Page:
Federal Public Land Law Turns 40
Director Nie’s perspective on the 40th Anniversary of the National Forest Management Act and the Federal Land Policy Management Act, as published by High Country News.
This perspective paper takes on the most controversial issue in modern national forest management—the charge of “environmental obstructionism” and the purported abuse of the courts by environmental interests. The paper goes beyond the clichés and soundbites to learn more about the views, issues and policy implications at the core of the debate.
Proposed Transfer of Public Lands
Director Nie corrects false claims and provides some historical and political context regarding current efforts to transfer and privatize Western federal lands.
Nie’s presentation “The West Against Itself…Again,” providing historical and political context regarding efforts to transfer federal lands to the states (2013). (powerpoint in PDF format)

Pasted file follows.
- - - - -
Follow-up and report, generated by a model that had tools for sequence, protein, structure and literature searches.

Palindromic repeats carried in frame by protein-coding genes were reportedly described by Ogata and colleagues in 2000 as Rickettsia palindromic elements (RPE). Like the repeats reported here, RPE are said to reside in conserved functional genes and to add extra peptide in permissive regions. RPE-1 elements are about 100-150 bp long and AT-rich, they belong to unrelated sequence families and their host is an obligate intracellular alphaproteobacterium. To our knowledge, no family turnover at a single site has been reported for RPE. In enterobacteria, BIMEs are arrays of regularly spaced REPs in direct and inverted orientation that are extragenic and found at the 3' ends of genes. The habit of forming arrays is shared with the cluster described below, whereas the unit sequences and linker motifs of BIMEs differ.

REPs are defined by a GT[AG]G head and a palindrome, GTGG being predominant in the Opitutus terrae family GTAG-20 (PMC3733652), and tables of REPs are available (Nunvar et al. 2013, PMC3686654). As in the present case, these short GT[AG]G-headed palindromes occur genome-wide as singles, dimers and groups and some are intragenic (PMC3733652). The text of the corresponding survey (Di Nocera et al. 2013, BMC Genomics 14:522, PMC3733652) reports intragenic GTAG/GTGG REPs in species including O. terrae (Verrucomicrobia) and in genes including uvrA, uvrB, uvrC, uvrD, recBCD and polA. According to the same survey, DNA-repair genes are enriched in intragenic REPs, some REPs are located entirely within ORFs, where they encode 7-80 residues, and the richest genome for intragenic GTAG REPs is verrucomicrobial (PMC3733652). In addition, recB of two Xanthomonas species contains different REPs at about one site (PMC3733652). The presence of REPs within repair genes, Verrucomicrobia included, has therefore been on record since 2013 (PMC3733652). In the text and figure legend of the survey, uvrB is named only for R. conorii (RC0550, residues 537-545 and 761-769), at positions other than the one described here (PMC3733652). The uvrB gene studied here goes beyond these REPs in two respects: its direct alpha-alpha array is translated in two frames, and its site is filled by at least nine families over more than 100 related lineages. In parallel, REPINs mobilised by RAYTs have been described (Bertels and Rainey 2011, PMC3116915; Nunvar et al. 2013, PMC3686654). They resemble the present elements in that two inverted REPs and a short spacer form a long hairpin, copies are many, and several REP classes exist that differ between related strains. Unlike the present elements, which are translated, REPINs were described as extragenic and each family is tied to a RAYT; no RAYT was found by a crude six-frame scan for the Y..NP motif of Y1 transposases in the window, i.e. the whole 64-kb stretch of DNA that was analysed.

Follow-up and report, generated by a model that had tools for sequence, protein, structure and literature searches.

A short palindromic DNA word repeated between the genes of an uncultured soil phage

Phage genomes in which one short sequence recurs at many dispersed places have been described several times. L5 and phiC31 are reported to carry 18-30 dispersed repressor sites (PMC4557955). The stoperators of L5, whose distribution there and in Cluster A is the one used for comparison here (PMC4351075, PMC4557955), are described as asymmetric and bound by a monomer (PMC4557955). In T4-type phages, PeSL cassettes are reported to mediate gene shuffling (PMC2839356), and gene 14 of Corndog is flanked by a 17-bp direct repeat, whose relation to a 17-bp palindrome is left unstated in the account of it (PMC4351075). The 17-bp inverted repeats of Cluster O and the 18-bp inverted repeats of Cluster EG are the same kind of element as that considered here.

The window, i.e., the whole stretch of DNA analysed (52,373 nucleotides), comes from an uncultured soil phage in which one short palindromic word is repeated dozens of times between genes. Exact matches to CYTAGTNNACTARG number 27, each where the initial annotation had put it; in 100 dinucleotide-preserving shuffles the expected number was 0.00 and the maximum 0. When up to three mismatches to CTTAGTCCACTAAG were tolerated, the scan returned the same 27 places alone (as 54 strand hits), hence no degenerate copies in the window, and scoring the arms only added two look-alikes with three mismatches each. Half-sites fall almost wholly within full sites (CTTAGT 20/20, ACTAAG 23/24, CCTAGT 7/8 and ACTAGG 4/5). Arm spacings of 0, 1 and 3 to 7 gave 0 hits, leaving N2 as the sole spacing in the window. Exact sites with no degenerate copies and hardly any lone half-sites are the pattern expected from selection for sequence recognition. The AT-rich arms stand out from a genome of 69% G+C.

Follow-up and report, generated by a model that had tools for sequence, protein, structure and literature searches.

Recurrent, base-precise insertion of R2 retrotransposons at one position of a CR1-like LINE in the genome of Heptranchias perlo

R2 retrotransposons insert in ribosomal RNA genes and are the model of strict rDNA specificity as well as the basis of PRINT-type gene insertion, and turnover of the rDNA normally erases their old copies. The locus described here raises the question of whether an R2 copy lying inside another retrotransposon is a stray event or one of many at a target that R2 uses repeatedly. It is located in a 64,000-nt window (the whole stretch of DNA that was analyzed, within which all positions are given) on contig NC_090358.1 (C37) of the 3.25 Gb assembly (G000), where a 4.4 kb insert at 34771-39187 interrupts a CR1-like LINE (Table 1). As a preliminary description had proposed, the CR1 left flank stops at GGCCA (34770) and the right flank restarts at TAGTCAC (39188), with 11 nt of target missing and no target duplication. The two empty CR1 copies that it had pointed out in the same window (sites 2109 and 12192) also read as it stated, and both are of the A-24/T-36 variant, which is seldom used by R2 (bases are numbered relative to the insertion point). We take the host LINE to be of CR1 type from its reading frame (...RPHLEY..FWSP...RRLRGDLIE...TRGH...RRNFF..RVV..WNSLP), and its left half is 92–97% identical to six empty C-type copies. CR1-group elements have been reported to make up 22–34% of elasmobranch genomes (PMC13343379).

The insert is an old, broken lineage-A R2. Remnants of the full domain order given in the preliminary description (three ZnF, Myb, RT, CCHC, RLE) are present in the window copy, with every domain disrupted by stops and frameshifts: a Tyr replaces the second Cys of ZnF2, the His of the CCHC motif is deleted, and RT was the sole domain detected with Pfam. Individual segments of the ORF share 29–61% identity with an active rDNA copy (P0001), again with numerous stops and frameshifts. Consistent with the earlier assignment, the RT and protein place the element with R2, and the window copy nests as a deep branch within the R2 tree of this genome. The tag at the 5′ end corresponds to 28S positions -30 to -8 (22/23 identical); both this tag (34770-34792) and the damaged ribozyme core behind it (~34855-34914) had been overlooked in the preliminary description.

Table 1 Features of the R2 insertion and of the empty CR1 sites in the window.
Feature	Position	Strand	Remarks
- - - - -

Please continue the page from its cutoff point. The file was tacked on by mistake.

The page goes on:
Throughout the United States, national forests are beginning the process of revising national forest plans. These plans must be written in accordance with the National Forest Management Act (NFMA) and the agency’s 2012 planning regulations. Many citizens will be new to this process, and those experienced in forest planning will find several differences in how plans were written under the old regulations compared to the new planning rule.
Forest plans play a significant role in shaping how our national forests are managed, from the types of uses and activities that are permitted to the environmental protections afforded to water and wildlife. There is a lot at stake and forest planning is a complicated process. To help sort things out, the Bolle Center asked Jonathan Haber, a former Forest Service planning specialist, to write a policy paper focused on what people should know about and pay attention to in the revision of national forest plans. Haber’s analysis, based on years of experience in forest planning, will help guide citizens though this important process.
Download the paper (pdf)